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How to Become a Saint

Who will convert this generation of ours?

G.K. Chesterton says it is the great paradox of history that each generation is converted by the saint who contradicts it the most. Chesterton believes when a generation gets too worldly it is up to the saint, or the Church, to rebuke it.

When you rebuke someone or something (like a generation or a movement) you express sharp disapproval or criticism for it. This is almost unheard of today. It’s not cool to rebuke anything. Tolerate, that’s a more winsome way to express the Christian faith.

Chesterton says, however, that each generation chooses its saint by instinct. And he is not what they want, but what they need.

A saint is someone who runs incongruous with the modern world, like that weird uncle of yours who lives on a farm and seems a little off because he doesn’t like the internet. Well, maybe that’s pushing it.

If you are a Christian, you are a saint.

“Christ did not tell his apostles that they were only the excellent people,” writes Chesterton, “or the only excellent people, but that they were the exceptional people; the permanently incongruous and incompatible people; and the text about the salt of the earth is really as sharp and shrewd and tart as the taste of salt. It is because they were the exceptional people, that they must not lose their exceptional quality.”

When the world leans too much in one direction, Christianity surfaces and offers the course correction. “In a world that was too stolid, Christianity returned in the form of a vagabond.”

Where does the world lean now?

Is the world too angry? Does it lack reason? Does it embrace chaos and division? Is it being subverted by a new Marxism?

Some might say our secular world embraces a kind of disenchantment; a loss of the roundness of life. By roundness, I mean the spiritual shape of our world.

The postmodern mind locks onto a vision of the world that dims, reduces, that removes the super from nature so that all we’re left standing with are bits-n-bobs of matter.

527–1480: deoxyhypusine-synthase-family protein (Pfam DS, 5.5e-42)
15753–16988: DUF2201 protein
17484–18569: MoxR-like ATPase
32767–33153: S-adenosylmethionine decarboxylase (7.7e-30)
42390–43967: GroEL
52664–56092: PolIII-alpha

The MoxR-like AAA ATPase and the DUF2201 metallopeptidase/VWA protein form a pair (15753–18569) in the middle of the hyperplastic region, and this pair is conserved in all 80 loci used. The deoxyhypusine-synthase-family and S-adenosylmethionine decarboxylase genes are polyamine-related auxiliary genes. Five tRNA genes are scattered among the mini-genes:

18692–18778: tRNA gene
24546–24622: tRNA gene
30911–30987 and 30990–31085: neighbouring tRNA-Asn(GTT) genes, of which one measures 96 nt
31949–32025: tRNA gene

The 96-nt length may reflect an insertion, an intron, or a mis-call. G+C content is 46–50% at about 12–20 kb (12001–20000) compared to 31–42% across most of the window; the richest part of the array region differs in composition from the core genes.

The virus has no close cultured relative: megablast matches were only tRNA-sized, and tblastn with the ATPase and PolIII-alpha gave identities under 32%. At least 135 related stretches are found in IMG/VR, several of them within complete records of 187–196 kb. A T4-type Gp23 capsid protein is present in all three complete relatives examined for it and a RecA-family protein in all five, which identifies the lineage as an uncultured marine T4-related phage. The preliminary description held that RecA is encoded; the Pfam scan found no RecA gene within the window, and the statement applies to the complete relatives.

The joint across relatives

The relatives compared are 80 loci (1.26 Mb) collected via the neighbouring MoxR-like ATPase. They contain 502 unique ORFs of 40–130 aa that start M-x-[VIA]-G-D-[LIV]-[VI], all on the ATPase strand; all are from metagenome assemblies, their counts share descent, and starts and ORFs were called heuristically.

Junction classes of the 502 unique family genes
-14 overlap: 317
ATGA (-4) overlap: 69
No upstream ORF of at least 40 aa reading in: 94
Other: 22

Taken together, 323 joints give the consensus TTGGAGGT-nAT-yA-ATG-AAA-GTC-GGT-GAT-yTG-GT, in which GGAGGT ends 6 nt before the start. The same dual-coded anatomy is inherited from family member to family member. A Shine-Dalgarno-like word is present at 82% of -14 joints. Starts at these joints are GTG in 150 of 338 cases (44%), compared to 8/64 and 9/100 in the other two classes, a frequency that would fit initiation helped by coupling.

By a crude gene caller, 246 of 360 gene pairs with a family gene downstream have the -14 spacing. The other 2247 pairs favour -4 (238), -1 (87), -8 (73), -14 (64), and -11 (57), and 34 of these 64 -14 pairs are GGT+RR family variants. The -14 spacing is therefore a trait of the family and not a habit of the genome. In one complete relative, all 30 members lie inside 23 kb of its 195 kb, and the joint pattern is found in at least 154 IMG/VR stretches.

The world needs an incongruent people who stand not against this despairing world but outside of it, calling it to something other.

If disenchantment spirals the world toward despair then the world needs saints who walk the path of enchantment. Who speak in songs. Who live in wonder.

If the postmodern eye dims, then the saint must see.

The German philosopher Josef Pieper says our ability to see, as humans, is in sharp decline; so much so that he asks:

“How can man be saved from becoming a totally passive consumer of mass-produced goods and a subservient follower beholden to every slogan the managers may proclaim?

“The real question is: How can man preserve and safeguard the foundation of his spiritual dimension and an uncorrupted relationship to reality?”

Man’s inner richness is at stake.

The world lacks the ability to see — to take the time to see; to relinquish the pace that keeps us from seeing the particulars of reality, and thus even reality itself.

Our pace annihilates this aspect of reality. The ability to see is essential to man’s ability to accurately make sense of this world, this is the definition of truth: that which affirms and corresponds to reality.

John Ruskin, the Victorian artist and critic, desired his readers to be people of sight. He said that life was not about pace. Rather, it demanded the ability to truly see. Ruskin is renowned for his ability to see and to discern, abilities in short supply in our world.

Last week I suggested five ways in which the Church has fallen under the weight of non-thinking. I based my suggestions on the observations of Ernest Dimnet, a French priest and writer, who says thinking people are people of vision.

They possess the ability to see when everyone else follows along blindly.

The Church, I suggested, lacks vision due to their constant pandering after {worldly?} relevancy. They desire relevance to the point they fail to see beauty.

What are we to do with the dissonance we perceive between our feelings of beauty in the world and the constant grating of modern society?

Even atheists admit to the tremendous feeling of wonder and awe in the world. Though they content themselves with debunking any kind of divine source to beauty, do Christians do much better?

We content ourselves with reclaiming drab grey box-buildings with no windows, no natural light, and we fill them with overly produced worship shows branded and boxed for our spiritual consumption.

We overemphasize organizational best practices in the name of efficiency, stewardship, and bottom line “impact.”

We claim to bear witness to the Truth, but we fail to bear witness to her sister, Beauty.

And so we proclaim an incomplete message to the world; banging our drums of Truth, reason, and moralism, while we fill our sacred gathering places with kitsch, and preach politically correct self-help messages.

We have packaged the God of Job into a podcast, even as his Word sustains the galaxies, oceans, and our very breath.

Timothy Willard
Timothy Willard
Tim's authored four books, including Shine So Bright, a children's Christmas story, and is finishing his first novel. He and his wife, Christine, co-founded The Edges and are writing a book they hope will inspire married couples to stick together no matter what. He and Christine live in Charlotte, North Carolina with their three pixie-daughters. Sign-up here to follow their work.

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